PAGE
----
One of the first nationally recognized fusions of Hispanic and African music (as opposed to the more purely African rumba), son became generally known by about 1910 and was popularized in the 1920s, chiefly by Ignacio Piñeiro and his orchestra. Mambo and salsa are among its descendants. A vocal music and dance genre native to Oriente, particularly rural areas around Guantanamo, Baracoa, Santiago de Cuba, and Manzanillo, the son arrived in Havana about 1909 and soon rivaled the danzón in popularity. However, it was the “Sexteto Habanero,” founded in 1918, which first interpreted the provincial son for a cosmopolitan audience in the Cuban capital.
The son combines rhythmic and percussion patterns of African (primarily Bantu) origin with string instruments of Spanish origin (e.g., guitar, tres), creating a uniquely Cuban sound within a universally Latin lyrical tradition. Music characterized by its strong syncopation, the clave beat defines the son rhythmically. The beat takes its name from the claves, Afro-Cuban instruments made of hardwood cylinders that produce a resonant, high-pitched sound. Lyrically, the decima and the punto guajiro, Spanish poetic forms sung in Cuban countryside, are salient influences accounting for the improvisational nature of the son. In the son, the sung verses alternate with a refrain in a question-answer arrangement between the singer and the chorus. Themes addressed in the son’s popular poetry range from the amorous to patriotic and socio-political topics in Cuban history.
The genre flourished in its purest form in the 1920s and 1930s. In addition to Ignacio Piñerio (1888-1969) and his “Sexteto (later Septeto) Nacional,” with classic compositions such as Échale salsita (1933), leading interpreters of the son genre included Miguel Matamoros (1894-1971) and his “Trío Matamoros” with their perennial Son de la loma (1928) and Moisés Simons (1889-1945) who composed El Manisero (1930).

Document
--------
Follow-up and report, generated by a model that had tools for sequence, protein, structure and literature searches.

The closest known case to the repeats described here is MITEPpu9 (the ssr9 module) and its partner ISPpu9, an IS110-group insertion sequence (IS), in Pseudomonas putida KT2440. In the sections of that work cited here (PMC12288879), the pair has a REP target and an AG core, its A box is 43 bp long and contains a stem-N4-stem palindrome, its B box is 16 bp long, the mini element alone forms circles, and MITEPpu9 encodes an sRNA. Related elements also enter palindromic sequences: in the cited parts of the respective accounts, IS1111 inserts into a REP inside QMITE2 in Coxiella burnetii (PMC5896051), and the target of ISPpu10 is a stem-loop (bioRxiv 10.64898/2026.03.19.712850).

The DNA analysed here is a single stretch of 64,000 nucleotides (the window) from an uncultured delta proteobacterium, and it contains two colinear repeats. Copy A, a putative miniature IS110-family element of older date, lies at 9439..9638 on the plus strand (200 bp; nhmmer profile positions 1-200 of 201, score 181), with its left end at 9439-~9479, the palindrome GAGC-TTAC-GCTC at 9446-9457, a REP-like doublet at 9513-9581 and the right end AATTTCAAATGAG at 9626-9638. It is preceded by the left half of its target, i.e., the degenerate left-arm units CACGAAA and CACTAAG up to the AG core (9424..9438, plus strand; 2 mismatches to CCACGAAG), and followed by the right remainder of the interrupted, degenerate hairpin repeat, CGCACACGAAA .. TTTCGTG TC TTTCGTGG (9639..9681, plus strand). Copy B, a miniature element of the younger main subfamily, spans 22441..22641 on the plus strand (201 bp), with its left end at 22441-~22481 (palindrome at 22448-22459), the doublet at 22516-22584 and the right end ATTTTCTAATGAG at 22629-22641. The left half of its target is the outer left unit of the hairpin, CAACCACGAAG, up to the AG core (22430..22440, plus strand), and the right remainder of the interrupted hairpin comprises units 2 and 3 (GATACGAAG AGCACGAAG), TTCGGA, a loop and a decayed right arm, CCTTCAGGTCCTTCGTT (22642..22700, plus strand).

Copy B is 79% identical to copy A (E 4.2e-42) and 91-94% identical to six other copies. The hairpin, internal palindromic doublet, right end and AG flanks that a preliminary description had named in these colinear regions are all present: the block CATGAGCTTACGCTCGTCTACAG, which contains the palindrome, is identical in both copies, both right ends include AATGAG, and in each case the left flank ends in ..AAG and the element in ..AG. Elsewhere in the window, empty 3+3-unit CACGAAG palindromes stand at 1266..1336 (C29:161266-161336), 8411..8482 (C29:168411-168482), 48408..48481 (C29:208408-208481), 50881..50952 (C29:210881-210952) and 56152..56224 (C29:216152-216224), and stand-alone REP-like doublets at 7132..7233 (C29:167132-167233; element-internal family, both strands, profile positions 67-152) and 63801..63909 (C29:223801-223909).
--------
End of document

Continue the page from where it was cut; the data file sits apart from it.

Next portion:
Singer-composer Benny Moré (1919-1963) and his band energized the son with renditions in the 1940s and 1950s, both in Cuba and internationally, particularly in Mexico. Many of the so-called “rumbas” popular during the Latin dance craze that swept the United States in the 1930s, resembled the son. Miguelito Valdés (1916-1978), a vocalist-percussionist who rose to fame with the “Casino de la Playa” orchestra, popularized the son in the U.S. with the big Latin band sounds of Xavier Cugat (1900-1990). Valdés was the original Mr. Babalú. However, a second Mr. Babalú eclipsed the first in American pop culture: Desi Arnaz, of I Love Lucy fame, who also began his entertainment career performing in New York with Cugat’s band. Likewise, the mambo and cha-cha-chá of the 1940s and 1950s were up-tempo forms of the son. However, it was Arsenio Rodríguez (1911-1970) who modernized the son by adding one or more trumpets in his conjunto (ensemble or group) and breaking the septet mold. After arriving in New York City in 1949, Rodríguez established a veritable following among local Latin musicians (particularly Puerto Ricans). Indeed, salsa, defined by one music scholar as the “son’s rebellious daughter,” owes much to the innovations introduced by Arsenio Rodríguez.